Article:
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The SCAN4RECO project, compliant with Open Access policy of the EC, has created a "Community" area on the ZENODO portal where it intends to disseminate its research output, including articles and other scientific publications as well as applications and data created in the course of the project that may be provided for public access.

SCAN4RECO Community on ZENODO:

Open Access in Horizon 2020 European Research Framework

The general principles of the Open Access under Horizon'2020 program are as follows: (1) publications should be offered for FREE (2) data that is mentioned in the publication is also distributed for FREE (3) distribution is made using Open Access compliant repositories, registered with OpenAIRE

The EC has published Guidelines on Open Access to Scientific Publications and Research Data in Horizon 2020:

Irrespective of OA access or not, every project funded by Horizon'2020 program MUST include acknowledgment - refer to page 6 of:

FP7 post-grant Open Access publishing funds

EC offers an Open Access opportunity also to FP7 projects that have already finished. The FP7 Post-Grant Open Access Pilot policy guidelines state that eligible FP7 projects are those "finished no longer than two years ago at funding request submission time". This criteria has been recently made more strict allowing finished FP7 projects to remain eligible for up to two months after the nominal 2-year window after its end-date. Once these two months are over, the project will be shown as non-eligible in the system and it will no longer be possible to submit any funding request.

For more information refer to:

Useful references

  • Be aware that you may get in trouble with your publisher if you offer FREE downloads for your publications after signing a copyright transfer form with your publisher, especially if they sell such books or journals (e.g. IEEE Transactions).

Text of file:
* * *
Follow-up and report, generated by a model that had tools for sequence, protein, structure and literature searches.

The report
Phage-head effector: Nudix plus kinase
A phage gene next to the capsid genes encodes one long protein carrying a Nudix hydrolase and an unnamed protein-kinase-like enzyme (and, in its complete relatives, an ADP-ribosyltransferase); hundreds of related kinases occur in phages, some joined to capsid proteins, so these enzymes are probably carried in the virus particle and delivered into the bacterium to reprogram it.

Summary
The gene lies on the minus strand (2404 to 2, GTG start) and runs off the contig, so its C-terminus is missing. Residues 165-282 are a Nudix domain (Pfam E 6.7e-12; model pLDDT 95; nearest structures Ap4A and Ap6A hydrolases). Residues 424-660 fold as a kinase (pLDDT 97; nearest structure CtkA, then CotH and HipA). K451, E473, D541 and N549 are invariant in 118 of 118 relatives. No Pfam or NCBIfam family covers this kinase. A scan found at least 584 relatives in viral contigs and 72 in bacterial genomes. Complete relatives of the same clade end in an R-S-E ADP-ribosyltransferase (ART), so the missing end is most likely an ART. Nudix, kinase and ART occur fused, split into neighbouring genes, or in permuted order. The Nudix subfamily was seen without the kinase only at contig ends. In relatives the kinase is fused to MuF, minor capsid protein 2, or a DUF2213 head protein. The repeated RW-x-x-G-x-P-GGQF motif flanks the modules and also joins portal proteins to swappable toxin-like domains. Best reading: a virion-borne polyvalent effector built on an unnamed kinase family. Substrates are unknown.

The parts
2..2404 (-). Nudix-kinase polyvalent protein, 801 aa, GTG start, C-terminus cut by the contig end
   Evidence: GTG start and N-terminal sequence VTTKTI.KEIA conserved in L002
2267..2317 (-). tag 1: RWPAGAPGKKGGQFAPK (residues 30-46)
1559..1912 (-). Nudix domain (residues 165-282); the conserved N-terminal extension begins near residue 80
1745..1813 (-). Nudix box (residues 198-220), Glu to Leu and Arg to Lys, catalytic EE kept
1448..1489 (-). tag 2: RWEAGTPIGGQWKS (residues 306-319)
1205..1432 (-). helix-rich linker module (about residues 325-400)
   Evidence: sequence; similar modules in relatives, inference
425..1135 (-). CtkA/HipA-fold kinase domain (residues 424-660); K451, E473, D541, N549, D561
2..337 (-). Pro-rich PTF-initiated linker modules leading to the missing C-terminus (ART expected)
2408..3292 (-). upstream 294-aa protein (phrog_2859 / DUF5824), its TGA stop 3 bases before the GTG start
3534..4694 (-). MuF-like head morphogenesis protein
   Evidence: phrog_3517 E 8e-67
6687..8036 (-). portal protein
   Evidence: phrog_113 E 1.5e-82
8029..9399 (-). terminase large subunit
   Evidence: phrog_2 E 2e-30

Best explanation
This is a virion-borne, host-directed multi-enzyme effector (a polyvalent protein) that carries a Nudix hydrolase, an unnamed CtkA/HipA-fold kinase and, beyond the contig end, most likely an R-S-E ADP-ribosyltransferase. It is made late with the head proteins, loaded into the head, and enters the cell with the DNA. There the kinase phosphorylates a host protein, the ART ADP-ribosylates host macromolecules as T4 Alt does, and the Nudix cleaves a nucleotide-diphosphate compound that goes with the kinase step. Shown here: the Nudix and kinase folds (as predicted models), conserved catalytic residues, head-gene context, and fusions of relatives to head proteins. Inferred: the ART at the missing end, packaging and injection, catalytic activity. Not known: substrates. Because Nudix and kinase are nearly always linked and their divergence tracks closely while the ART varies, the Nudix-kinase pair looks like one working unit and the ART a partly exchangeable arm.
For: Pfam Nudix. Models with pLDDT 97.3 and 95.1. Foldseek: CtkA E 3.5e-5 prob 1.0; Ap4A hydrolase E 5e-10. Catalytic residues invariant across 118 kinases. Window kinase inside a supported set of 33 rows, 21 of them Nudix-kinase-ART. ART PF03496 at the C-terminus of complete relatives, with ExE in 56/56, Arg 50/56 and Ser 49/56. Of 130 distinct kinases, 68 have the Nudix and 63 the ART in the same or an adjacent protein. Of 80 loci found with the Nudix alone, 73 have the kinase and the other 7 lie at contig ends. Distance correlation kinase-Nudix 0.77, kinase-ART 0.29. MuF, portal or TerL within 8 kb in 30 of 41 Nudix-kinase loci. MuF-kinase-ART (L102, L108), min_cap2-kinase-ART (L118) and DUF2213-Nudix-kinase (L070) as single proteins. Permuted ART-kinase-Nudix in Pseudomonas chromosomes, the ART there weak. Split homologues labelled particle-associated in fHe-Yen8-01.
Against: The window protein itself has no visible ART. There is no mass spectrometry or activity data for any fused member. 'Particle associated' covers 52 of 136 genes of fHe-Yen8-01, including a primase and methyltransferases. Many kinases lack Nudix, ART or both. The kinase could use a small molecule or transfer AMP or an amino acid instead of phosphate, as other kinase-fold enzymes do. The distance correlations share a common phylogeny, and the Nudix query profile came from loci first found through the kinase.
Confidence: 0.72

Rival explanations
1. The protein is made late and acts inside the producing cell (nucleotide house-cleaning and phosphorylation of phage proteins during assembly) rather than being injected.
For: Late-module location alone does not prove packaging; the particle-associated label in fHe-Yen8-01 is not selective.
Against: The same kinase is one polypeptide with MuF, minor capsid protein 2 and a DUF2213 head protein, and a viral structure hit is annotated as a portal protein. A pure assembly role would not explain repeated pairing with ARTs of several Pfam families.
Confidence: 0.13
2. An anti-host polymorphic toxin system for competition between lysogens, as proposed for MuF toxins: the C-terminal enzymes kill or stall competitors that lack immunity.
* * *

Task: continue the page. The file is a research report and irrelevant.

• Making publications available for download on your public WEB sites is NOT sufficient to comply with Open Access, as you need to provide access to all bibliographic metadata as well.
  • You can also deploy own OA repository using e.g. DSpace, EPrints etc. Note that own OA repositories MUST be registered in OpenAIRE via OpenDOAR:
  • You can safely assume that if the conference or a journal aims to sell copies of your papers as part of a book or proceedings, it is most likely NOT compliant with Open Access. Check your copyright agreement to confirm this.
  • The best approach is always to confirm directly with the publisher if their specific journal or a conference complies with any of the common “Open Access” licenses (refer to for examples
  • The most common Open Access license is "Creative Commons Attribution-NonCommercial-ShareAlike 3.0 Unported License":
  • There are cases that the same publisher may offer both limited and “Open Access” licenses. This is the case of e.g. Springer or IEEE. You can chose “Open Access” publications with them, in which case editors will need to cover the publication costs - offered later to public under OA license.
  • A good source for finding “Open Access” Journals is the “Directory of Open Access Journals (DOAJ)” at
  • Guidelines for Evaluating “Open Access” journals can be found at

Open Access compliant server implementations

In case an organisation chooses to deploy own Open Access repository, the following servers may be considered:

NOTE that in either case such a proprinatory repository MUST be registered with OpenAIRE.

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Page last modified on July 10, 2016, at 04:22 PM